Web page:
Results: In marked contrast with the reported absence of transmission to knock-in mice expressing physiological levels of human PrP, this subtype transmitted faithfully to mice overexpressing human PrP, and exhibited unique strain features. Onto the ovine PrP sequence, the cortical MM2 subtype abruptly evolved on second passage, thereby allowing emergence of a pair of strain variants with distinct PrP(Sc) biochemical characteristics and differing tropism for the central and lymphoid tissues. These two strain components exhibited remarkably distinct replicative properties in cell-free amplification assay, allowing the 'physical' cloning of the minor, lymphotropic component, and subsequent isolation in ovine PrP mice and RK13 cells.

Conclusions: Here, we provide in-depth assessment of the transmissibility and evolution of one rare subtype of sporadic CJD upon homologous and heterologous transmission. The notion that the environment or matrix where replication is occurring is key to the selection and preferential amplification of prion substrain components raises new questions on the determinants of prion replication within and between species. These data also further interrogate on the interplay between animal and human prions.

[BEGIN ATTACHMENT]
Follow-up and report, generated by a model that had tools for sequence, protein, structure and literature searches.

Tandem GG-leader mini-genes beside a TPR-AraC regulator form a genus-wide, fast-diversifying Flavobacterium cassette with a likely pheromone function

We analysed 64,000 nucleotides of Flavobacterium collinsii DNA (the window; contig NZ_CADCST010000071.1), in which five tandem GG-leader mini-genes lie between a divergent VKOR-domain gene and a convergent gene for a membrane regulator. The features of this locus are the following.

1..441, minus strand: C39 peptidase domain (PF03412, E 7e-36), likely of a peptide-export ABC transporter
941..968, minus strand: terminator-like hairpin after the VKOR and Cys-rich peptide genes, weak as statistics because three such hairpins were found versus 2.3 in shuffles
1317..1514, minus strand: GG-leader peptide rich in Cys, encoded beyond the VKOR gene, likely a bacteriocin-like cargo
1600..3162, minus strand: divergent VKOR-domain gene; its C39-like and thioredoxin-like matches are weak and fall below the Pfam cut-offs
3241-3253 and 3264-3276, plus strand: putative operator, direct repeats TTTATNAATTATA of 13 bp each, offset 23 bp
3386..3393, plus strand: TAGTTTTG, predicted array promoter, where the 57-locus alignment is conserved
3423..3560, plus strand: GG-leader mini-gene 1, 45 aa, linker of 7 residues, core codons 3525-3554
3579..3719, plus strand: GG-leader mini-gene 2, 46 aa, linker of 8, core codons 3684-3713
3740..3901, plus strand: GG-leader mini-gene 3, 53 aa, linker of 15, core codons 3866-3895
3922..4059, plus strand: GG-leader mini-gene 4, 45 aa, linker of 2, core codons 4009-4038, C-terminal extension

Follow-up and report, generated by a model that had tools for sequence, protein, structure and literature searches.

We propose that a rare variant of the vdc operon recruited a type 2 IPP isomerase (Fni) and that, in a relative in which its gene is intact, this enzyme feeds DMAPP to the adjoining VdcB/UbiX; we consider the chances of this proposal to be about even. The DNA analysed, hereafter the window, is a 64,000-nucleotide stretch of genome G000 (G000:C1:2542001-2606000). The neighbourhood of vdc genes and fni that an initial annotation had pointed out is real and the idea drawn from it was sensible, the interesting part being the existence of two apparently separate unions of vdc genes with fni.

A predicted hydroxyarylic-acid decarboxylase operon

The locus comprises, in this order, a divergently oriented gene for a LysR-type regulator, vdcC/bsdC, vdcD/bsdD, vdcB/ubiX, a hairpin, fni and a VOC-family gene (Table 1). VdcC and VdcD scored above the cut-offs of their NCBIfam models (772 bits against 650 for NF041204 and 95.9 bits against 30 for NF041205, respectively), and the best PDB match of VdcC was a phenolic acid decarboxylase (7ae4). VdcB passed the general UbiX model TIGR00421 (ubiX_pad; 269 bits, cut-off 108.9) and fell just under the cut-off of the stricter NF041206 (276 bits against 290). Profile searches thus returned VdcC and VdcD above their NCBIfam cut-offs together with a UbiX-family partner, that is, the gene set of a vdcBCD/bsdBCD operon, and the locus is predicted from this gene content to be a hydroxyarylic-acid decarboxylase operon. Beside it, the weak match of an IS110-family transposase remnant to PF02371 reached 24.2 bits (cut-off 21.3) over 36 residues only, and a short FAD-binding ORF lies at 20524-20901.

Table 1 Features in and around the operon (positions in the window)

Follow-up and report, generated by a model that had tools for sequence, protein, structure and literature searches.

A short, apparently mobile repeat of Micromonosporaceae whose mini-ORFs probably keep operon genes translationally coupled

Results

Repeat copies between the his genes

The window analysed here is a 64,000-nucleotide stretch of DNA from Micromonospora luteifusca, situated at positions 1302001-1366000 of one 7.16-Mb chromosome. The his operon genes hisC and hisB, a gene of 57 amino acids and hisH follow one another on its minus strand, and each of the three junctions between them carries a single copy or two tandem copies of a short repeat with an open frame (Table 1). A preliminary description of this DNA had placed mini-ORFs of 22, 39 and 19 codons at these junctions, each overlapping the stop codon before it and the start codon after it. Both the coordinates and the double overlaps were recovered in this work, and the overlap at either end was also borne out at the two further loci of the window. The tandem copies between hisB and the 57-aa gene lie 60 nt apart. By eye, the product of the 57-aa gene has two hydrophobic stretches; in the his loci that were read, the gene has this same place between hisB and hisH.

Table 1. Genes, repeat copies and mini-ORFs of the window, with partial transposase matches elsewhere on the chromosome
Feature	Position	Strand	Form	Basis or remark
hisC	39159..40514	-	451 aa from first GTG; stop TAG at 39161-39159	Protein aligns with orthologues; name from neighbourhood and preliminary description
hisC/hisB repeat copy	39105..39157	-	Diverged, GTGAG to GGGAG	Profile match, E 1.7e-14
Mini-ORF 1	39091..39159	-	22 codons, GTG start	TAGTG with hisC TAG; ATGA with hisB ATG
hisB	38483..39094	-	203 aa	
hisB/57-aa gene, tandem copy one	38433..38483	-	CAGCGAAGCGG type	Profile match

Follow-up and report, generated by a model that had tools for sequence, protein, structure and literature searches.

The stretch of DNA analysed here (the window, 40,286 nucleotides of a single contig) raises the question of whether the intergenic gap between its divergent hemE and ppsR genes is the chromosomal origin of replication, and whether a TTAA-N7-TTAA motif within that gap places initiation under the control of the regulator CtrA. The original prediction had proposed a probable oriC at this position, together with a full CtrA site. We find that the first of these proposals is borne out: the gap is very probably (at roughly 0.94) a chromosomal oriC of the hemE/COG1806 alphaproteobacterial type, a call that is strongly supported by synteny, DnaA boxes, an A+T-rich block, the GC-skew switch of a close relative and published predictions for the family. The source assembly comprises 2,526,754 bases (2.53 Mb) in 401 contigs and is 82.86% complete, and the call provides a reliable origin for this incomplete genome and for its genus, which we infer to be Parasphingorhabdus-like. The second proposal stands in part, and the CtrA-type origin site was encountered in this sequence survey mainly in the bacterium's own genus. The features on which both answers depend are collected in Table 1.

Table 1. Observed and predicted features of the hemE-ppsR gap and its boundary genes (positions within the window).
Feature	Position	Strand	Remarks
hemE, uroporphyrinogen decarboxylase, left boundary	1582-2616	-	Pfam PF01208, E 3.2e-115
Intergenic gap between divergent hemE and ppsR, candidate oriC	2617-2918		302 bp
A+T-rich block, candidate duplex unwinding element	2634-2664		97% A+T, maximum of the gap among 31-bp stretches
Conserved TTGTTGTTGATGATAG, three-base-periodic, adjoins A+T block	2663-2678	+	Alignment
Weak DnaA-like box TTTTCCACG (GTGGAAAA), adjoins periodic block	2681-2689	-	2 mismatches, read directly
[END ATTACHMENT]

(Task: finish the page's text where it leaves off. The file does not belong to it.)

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http://dx.doi.org/10.1186/s40478-016-0284-9DOI Listing
http://www.ncbi.nlm.nih.gov/pmc/articles/PMC4743415PMC
February 2016

White blood cell-based detection of asymptomatic scrapie infection by ex vivo assays.

PLoS One 2014 14;9(8):e104287. Epub 2014 Aug 14.

UMR INRA ENVT 1225, Interactions Hôtes Agents Pathogènes, Ecole Nationale Vétérinaire de Toulouse, Toulouse, France.

Prion transmission can occur by blood transfusion in human variant Creutzfeldt-Jakob disease and in experimental animal models, including sheep. Screening of blood and its derivatives for the presence of prions became therefore a major public health issue. As infectious titer in blood is reportedly low, highly sensitive and robust methods are required to detect prions in blood and blood derived products. The objectives of this study were to compare different methods--in vitro, ex vivo and in vivo assays--to detect prion infectivity in cells prepared from blood samples obtained from scrapie infected sheep at different time points of the disease. Protein misfolding cyclic amplification (PMCA) and bioassays in transgenic mice expressing the ovine prion protein were the most efficient methods to identify infected animals at any time of the disease (asymptomatic to terminally-ill stages). However scrapie cell and cerebellar organotypic slice culture assays designed to replicate ovine prions in culture also allowed detection of prion infectivity in blood cells from asymptomatic sheep. These findings confirm that white blood cells are appropriate targets for preclinical detection and introduce ex vivo tools to detect blood infectivity during the asymptomatic stage of the disease.
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http://journals.plos.org/plosone/article?id=10.1371/journal.pone.0104287PLOS
http://www.ncbi.nlm.nih.gov/pmc/articles/PMC4133197PMC
April 2015

Accelerated, spleen-based titration of variant Creutzfeldt-Jakob disease infectivity in transgenic mice expressing human prion protein with sensitivity comparable to that of survival time bioassay.

J Virol 2014 Aug 21;88(15):8678-86. Epub 2014 May 21.

INRA (Institut National de la Recherche Agronomique), UR892, Virologie Immunologie Moléculaires, Jouy-en-Josas, France